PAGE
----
What Is So Critical About Critical Illness?
Advances in medicine and medical technologies have greatly improved patient management and treatment outcomes. These advances have made a major impact in the treatment of critical illnesses such as cancer and heart disease.
It is estimated that 1 in every 4 individuals in Singapore will get cancer in their lifetime. Between January 2014 and December 2018, almost 1 in 3 deaths was due to cancer, making it the leading cause of death in Singapore.
A question that many ask is: why so? The answer, Dr Ang Peng Tiam explains, lies in the fact that the chance of getting cancer is high and that cancer patients often present with advanced disease. This may be due to a variety of reasons: cancers in their early stages do not have any symptoms; symptoms shown can be non-specific, making the diagnosis of cancer easy to miss; or patients may even be in denial of their symptoms and refuse treatment out of fear.
Cancer is widely perceived to be an untreatable illness and is often likened to a death sentence. However, this is not so. Over the last 30 years, advances in cancer research have led to better understanding of the disease at the molecular level, discovery of new treatments, and improvements in medical technology. Examples include the use of the PET-CT scan to accurately determine the extent of cancer spread, if any. Improved techniques in pathology have also allowed for more specific subtyping of cancers at the molecular level.
These advances have led to new and innovative ways to manage cancer.
The new era of targeted agents offers novel and more effective treatment options for some cancers. Lung cancer patients who are found to have actionable mutations (e.g. EGFR, ALK, ROS-1) often do not need to undergo traditional chemotherapy. These patients can simply take daily pills that are targeted against that particular genetic abnormality in the cancer cells. These treatments are superior to chemotherapy because they are more effective, have lesser side effects, and can remain effective for longer periods of time.
There is also much interest in the use of immunotherapy in cancer treatment. Immunotherapy involves harnessing the body’s own immune system to attack and kill the cancer cells.
Many think cancer is a one-time event, shares Dr Ang. However, there are patients who develop a second cancer, that is, a new or additional cancer that is different from the original cancer.
This may be attributed to a rising incidence of cancer, improved survival of cancer patients (where patients live long enough and get a chance of developing a second cancer), or cancer arising from treatment side effects.
A second cancer can occur at the same time as the original cancer, or at a different time. Various studies have reported a 2–17% likelihood of getting multiple primary cancers.
However, getting cancer or a second cancer is not the only critical illness we should be concerned about and plan for; other critical illnesses such as heart disease and stroke are even more common in our society, and thus it is important that we take strides to take care of our health.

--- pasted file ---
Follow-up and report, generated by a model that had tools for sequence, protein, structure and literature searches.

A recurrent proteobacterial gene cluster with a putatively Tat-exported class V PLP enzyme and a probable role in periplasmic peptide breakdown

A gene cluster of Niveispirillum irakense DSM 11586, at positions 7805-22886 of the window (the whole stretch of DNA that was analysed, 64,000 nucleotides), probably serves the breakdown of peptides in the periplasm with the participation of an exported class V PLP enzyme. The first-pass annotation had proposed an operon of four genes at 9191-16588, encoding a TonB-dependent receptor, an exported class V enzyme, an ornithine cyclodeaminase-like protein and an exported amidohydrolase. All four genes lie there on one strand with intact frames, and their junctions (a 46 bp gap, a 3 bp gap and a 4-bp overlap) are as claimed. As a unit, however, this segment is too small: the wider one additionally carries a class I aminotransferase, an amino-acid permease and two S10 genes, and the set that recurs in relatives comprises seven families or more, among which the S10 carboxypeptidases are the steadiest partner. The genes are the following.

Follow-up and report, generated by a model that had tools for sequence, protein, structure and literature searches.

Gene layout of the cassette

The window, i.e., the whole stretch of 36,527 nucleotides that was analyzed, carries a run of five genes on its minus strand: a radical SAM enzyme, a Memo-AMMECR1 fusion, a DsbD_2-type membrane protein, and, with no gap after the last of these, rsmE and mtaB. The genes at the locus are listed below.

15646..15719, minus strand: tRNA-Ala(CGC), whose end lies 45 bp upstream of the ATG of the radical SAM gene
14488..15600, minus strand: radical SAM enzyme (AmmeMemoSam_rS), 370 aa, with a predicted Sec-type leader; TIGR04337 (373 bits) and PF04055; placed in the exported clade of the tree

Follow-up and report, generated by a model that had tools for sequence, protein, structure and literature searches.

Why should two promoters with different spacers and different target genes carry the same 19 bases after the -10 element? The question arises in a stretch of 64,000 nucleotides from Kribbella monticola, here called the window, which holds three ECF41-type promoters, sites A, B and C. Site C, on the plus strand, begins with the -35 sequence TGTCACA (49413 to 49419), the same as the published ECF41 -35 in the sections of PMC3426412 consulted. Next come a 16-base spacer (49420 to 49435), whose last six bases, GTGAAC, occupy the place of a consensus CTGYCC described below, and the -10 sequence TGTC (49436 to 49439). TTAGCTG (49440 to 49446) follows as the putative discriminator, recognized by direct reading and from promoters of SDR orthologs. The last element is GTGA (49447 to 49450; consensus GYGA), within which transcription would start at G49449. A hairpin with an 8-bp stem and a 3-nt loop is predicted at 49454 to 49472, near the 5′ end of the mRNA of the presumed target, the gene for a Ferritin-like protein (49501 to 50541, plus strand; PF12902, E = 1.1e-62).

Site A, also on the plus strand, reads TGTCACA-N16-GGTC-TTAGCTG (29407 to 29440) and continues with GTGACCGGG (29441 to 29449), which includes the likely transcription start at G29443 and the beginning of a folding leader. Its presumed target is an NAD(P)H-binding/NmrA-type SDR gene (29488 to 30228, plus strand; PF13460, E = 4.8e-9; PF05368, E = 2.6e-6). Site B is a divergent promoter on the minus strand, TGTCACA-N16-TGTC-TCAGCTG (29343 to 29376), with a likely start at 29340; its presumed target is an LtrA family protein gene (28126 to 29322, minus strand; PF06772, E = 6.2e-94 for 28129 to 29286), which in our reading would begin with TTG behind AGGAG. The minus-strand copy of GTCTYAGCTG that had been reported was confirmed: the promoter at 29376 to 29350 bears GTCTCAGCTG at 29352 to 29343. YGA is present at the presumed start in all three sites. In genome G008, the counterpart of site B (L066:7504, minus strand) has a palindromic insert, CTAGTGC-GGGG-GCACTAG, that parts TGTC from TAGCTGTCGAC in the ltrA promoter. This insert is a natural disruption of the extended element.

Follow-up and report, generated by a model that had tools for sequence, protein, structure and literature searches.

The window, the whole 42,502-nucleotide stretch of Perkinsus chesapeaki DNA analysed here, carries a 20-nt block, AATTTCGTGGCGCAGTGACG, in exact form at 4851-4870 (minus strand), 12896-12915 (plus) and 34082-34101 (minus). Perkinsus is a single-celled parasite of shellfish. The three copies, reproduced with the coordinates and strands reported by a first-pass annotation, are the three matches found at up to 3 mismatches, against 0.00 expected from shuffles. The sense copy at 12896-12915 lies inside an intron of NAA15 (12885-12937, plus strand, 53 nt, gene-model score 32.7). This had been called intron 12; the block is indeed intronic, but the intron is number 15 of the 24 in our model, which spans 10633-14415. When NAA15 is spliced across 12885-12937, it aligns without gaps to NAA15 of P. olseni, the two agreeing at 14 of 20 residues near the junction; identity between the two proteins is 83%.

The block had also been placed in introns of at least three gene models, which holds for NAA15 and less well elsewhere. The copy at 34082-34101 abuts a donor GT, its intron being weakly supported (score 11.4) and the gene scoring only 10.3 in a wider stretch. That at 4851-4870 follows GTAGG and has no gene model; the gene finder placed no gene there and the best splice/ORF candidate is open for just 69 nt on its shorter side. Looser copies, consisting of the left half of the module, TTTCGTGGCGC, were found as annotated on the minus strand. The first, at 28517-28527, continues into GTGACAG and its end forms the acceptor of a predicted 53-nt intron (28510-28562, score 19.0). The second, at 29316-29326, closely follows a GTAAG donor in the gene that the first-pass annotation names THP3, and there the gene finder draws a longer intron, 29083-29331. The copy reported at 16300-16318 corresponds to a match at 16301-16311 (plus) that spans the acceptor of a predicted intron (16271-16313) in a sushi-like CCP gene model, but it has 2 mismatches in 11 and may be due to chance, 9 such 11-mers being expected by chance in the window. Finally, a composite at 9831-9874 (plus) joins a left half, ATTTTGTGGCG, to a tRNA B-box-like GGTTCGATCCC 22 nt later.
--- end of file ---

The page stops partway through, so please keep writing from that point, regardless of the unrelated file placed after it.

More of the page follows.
Understanding heart disease
Heart disease is the single most common cause of death worldwide. There are different types of heart disease: heart failure, coronary artery disease, heart attack, valvular heart disease, and cardiac arrhythmias. The most common form of heart disease is coronary artery disease, which accounts for about 80% of all heart disease-related deaths.
According to Dr Stanley Chia, coronary artery disease is usually caused by atherosclerosis: the narrowing of arteries supplying the heart muscle due to a buildup of cholesterol deposits (or plaques) within the walls of the coronary arteries. Coronary artery disease is often clinically silent initially. However, the cholesterol plague may become progressively obstructive over time or suddenly rupture, causing catastrophic occlusion. When that happens, patients may present with stable angina, heart failure, heart attack or even sudden cardiac death.
In Singapore, the incidence of heart attack is increasing with a crude incidence rate of 321 per 100,000 of the population. While the average age of presentation is 69 years, a significant proportion of individuals do suffer from heart attacks at a younger age. 90% of heart attacks are associated with risk factors such as smoking, diabetes, high cholesterol, abdominal obesity and hypertension, which is why preventative health is key to reducing incidence of heart disease.
Treating heart disease
Advances in medical treatment have led to better clinical outcomes, improved quality of life and longevity for heart disease patients. One of the common treatments for heart disease is coronary angioplasty (ballooning) with stenting, a procedure performed under local anesthetic to unblock the coronary lesions and restore blood flow to the heart muscles. In patients with more severe disease and multiple coronary blockages, they may have to consider undergoing coronary artery bypass grafting surgery to fully treat the disease.
Like cancer, heart attacks are not a one-off event, and relapses do unfortunately happen, as coronary atherosclerosis is a progressive disease. Therefore, heart disease is one of the most common critical illnesses we have to confront.Find out more about AIA Vitality at www.aiavitality.com.sg
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|PUBLISHED 01 MAY 2022